THE LIVING ROOM, NY – We’ve now gone almost two months without sports and it doesn’t look like things will be getting back to normal any time soon. While some sports like golf, NASCAR, and UFC have announced plans to restart without fans in the near future, the way forward for MLB, the NHL, and the NBA is less clear.
Basketball and hockey are near the ends of their seasons and would seemingly have an easier time finding some way to finish out with a possibly shortened playoff format. Teams in the NHL have about 12 games left in the regular season, NBA teams have about 18 games.
Some NHL proposals see them finishing out the regular season in June and July, a full Stanley Cup Playoffs schedule in July, August, and September with the conclusion of this season rolling right into next season’s start in October. It would be an interesting format but at least the NHL and NBA have the potential of finishing out the full season.
The way forward for Major League Baseball is less clear. Their season was put on hold before it even started. The best case scenario would see Opening Day in mid-June. Even then, it’s doubtful that the MLB would get in a full season before the weather in the northern latitudes turns for the worse, making baseball difficult. We’ll likely see a half season and the playoffs starting at the usual time in early October.
Whenever the major sports return, they will look and sound very different. The games, at least for the foreseeable future, would be played without fans in the stands. We’ve seen the odd soccer game played behind closed doors for various reasons and the sound is the most unsettling thing. The baseline hum of the crowd is not there. There are no cheers for the big moments. It’s unsettling but it could give fans a different perspective of the sports.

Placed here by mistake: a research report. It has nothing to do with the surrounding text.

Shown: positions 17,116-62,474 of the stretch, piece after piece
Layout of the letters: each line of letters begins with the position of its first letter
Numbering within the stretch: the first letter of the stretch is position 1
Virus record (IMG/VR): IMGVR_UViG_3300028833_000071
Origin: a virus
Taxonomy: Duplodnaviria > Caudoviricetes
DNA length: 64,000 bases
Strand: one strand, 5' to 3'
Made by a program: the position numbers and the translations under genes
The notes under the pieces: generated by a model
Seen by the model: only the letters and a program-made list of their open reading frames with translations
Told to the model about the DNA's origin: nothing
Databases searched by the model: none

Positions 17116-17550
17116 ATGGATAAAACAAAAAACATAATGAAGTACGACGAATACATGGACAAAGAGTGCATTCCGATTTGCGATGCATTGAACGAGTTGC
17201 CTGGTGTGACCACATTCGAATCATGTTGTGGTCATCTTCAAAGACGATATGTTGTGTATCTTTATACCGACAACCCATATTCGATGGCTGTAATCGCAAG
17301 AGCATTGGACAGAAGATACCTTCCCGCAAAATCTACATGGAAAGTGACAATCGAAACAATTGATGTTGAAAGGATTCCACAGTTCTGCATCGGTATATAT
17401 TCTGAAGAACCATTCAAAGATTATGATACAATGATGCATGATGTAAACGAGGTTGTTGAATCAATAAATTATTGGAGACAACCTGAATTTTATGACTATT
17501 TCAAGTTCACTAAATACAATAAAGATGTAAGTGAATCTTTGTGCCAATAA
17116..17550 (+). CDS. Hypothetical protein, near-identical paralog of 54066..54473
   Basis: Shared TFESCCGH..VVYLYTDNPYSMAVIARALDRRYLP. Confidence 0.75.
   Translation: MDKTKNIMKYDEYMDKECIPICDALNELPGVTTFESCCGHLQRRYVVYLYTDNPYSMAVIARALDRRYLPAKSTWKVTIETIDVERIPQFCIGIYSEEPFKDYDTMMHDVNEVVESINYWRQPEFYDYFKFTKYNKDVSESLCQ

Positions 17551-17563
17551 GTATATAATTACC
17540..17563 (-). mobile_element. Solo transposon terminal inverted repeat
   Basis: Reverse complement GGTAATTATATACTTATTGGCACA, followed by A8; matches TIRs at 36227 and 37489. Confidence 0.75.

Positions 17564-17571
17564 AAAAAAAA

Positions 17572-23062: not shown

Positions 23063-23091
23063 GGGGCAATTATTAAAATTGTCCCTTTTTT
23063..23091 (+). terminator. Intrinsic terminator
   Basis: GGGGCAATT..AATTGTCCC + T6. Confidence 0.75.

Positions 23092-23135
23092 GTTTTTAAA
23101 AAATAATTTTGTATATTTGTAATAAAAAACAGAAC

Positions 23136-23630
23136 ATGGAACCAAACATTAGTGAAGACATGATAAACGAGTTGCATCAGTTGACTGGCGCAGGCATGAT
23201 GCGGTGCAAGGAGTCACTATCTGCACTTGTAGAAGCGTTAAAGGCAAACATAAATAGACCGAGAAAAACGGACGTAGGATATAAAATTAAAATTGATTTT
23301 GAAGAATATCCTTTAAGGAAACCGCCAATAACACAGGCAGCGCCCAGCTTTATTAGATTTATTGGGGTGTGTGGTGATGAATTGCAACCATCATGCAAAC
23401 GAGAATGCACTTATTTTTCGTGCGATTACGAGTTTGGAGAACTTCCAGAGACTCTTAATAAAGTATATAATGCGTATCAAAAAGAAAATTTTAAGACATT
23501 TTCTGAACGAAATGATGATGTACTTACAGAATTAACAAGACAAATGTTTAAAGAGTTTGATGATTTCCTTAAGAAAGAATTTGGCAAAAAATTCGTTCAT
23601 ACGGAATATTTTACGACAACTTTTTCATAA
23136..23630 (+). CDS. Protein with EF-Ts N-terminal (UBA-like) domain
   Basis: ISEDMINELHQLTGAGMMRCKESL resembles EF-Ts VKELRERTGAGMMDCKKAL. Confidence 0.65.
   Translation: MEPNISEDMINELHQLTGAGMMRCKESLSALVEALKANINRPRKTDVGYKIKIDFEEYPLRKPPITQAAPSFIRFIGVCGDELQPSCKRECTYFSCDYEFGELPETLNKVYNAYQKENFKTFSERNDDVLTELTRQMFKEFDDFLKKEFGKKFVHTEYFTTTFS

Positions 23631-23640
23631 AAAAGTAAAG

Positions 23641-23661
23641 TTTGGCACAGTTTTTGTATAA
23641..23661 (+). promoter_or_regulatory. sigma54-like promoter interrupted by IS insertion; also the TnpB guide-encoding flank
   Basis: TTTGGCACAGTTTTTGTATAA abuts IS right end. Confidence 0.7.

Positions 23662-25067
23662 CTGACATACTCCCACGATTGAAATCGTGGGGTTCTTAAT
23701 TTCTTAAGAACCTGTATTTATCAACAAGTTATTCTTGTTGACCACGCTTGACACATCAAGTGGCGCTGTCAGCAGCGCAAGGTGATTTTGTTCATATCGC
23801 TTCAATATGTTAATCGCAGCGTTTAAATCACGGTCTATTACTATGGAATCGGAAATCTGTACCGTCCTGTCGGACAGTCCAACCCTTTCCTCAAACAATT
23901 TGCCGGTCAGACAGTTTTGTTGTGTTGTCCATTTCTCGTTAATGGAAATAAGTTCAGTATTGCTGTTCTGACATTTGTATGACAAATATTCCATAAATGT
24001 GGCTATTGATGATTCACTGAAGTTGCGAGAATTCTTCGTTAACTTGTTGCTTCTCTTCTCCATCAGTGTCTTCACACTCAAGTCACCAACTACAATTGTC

You would be able to hear the players talking to each other a lot more. It might give fans more insight on how the game is played on the field. The echo of the hockey puck hitting the boards would make the NHL sound like a beer league on a Tuesday night. A basketball hitting the hardwood floor would echo through an empty arena like it would at the local YMCA during a Sunday afternoon rec league. Baseball would sound more pure and the sounds of players sliding and the ball hitting the glove would not need to be artificially added like they are now on ESPN broadcasts.
With no fan noise, the quiet will echo. And the networks will need to be on high alert to ensure the player’s colorful language doesn’t make it to the ears of young fans at home. Whatever it looks and sounds like, I’m sure fans would appreciate having sports to watch again.
That’s all for me today. Stay safe. Sports will return.